Adata XPG SX950 SSD Review

Early Verdict

Adata made the right moves with the technology available, but the XPG SX950 still doesn't dethrone the 850 EVO in overall value or performance. The drive ships with a nice accessory package but it's not enough to make up the difference. Pricing is still a struggle for many during the NAND shortage. Look toward the XPG SX8000 for higher performance, a better user experience, and a decent price cut.


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    The best IMFT 3D NAND SSD so far

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    Ample hardware and software accessory package

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    High performance for SATA in 2017

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    Six-year warranty


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    High cost

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    Not an 850 EVO replacement

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    960GB unavailable (At Time Of Writing)

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    No 2TB or 4TB options

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Specifications & Features

We've been disappointed with the new SATA SSDs over the last several years. Samsung has essentially ruled the SSD market and sets the tone by manipulating the price of the 850 EVO. Every other company plays catch-up and bases pricing on how their SSDs compare to the EVO. We hoped Micron's 3D NAND would turn the tide, but early SSDs with the technology fell flat. It took exactly one year to turn that around. Today, we test the drive Micron's MX300 was supposed to be.

Adata's XPG product line is designed for gamers. The company doesn't differentiate it much from the other Adata products, like Kingston does with HyperX, but it is a unique series with added benefits. For example, the XPG SX950 uses a similar hardware configuration as the Adata Ultimate SU900. Both drives ship with the same SMI SM2258 controller, DRAM, and Micron 3D MLC NAND. Adata increases the SX950's warranty to six years, as opposed to five for the SU900, and includes a desktop adapter bracket. You may assume the XPG SX950 costs more because it includes extra components and a longer warranty, but it actually costs the same, or even slightly less in some capacities.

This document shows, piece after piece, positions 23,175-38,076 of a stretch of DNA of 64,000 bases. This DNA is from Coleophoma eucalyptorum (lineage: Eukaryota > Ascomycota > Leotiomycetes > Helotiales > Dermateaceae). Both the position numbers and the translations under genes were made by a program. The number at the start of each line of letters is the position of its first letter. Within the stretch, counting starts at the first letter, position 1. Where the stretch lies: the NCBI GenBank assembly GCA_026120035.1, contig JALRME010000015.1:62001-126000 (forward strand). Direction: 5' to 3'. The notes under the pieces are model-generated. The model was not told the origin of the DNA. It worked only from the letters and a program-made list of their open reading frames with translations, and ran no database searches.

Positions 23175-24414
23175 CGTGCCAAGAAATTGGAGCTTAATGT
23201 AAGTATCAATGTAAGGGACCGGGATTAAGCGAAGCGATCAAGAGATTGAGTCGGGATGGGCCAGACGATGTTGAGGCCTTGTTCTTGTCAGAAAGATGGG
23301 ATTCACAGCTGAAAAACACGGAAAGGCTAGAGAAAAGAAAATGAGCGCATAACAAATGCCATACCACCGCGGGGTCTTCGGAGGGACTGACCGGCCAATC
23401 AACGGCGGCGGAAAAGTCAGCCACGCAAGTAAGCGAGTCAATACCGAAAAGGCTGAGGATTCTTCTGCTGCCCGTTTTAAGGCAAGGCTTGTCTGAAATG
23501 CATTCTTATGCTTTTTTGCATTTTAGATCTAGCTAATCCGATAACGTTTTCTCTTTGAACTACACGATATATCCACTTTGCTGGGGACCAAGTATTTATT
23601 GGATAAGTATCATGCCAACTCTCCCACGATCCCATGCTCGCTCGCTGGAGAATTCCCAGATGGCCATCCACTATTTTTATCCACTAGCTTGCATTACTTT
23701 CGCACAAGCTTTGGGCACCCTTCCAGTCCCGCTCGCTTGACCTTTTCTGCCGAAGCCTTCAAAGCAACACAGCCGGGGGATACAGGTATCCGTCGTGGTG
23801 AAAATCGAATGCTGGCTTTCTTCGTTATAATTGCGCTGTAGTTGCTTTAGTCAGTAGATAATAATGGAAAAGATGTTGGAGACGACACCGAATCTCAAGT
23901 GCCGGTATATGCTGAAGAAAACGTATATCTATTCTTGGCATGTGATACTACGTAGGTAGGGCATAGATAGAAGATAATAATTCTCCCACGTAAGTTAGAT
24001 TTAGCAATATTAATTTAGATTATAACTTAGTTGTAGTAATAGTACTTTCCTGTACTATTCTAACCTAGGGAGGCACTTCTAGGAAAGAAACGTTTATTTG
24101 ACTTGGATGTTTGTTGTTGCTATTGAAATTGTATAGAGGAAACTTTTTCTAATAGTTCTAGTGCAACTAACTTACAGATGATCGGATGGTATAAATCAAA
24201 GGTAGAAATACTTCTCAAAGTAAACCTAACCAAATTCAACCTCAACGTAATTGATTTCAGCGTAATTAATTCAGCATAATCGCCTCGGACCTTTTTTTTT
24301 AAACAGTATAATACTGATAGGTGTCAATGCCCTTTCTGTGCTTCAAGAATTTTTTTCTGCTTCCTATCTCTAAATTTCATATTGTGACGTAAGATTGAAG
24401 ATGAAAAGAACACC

There is more to this story than just a few extra accessories that many will ignore. Pseudo-SLC cache, which absorbs incoming write data, increases burst performance for TLC SSDs. Adata applied that technology to MLC flash but uses an improved firmware that makes it the fastest SMI-powered SATA SSD available. Adata achieved the feat with 3D MLC flash paired with SMI's Intelligent SLC Cache, which is a new and improved version of the write caching technology that SMI uses with TLC-based SSDs. Until this product, the SM2258-based SSDs would send all the data to the SLC cache and then fold it into the TLC or MLC later. That reduces NAND wear and increases endurance, but it also reduces performance consistency. The XPG SX950 takes the next step and adds algorithms that detect which workloads will benefit the most from caching and acts accordingly. It caches difficult workloads but directs data that won't benefit from caching directly to the MLC NAND.


The XPG SX950 comes to market in three capacities that range from 240GB to 960GB. Adata chose the SMI SM2258 controller because it provides high endurance with low-density parity check (LDPC) technology. The controller has grown up since we've last tested it. The Intelligent SLC feature improves endurance but also increases performance.

The XPG SX950 can read sequential data at 560 MB/s and write sequentially at 530 MB/s. The 240GB drive, the smallest of the lineup, turns it down a little to 520 MB/s. Random performance peaks at 90,000 IOPS for both reads and writes, though the smallest and largest drives do deviate slightly.

Pricing, Warranty & Endurance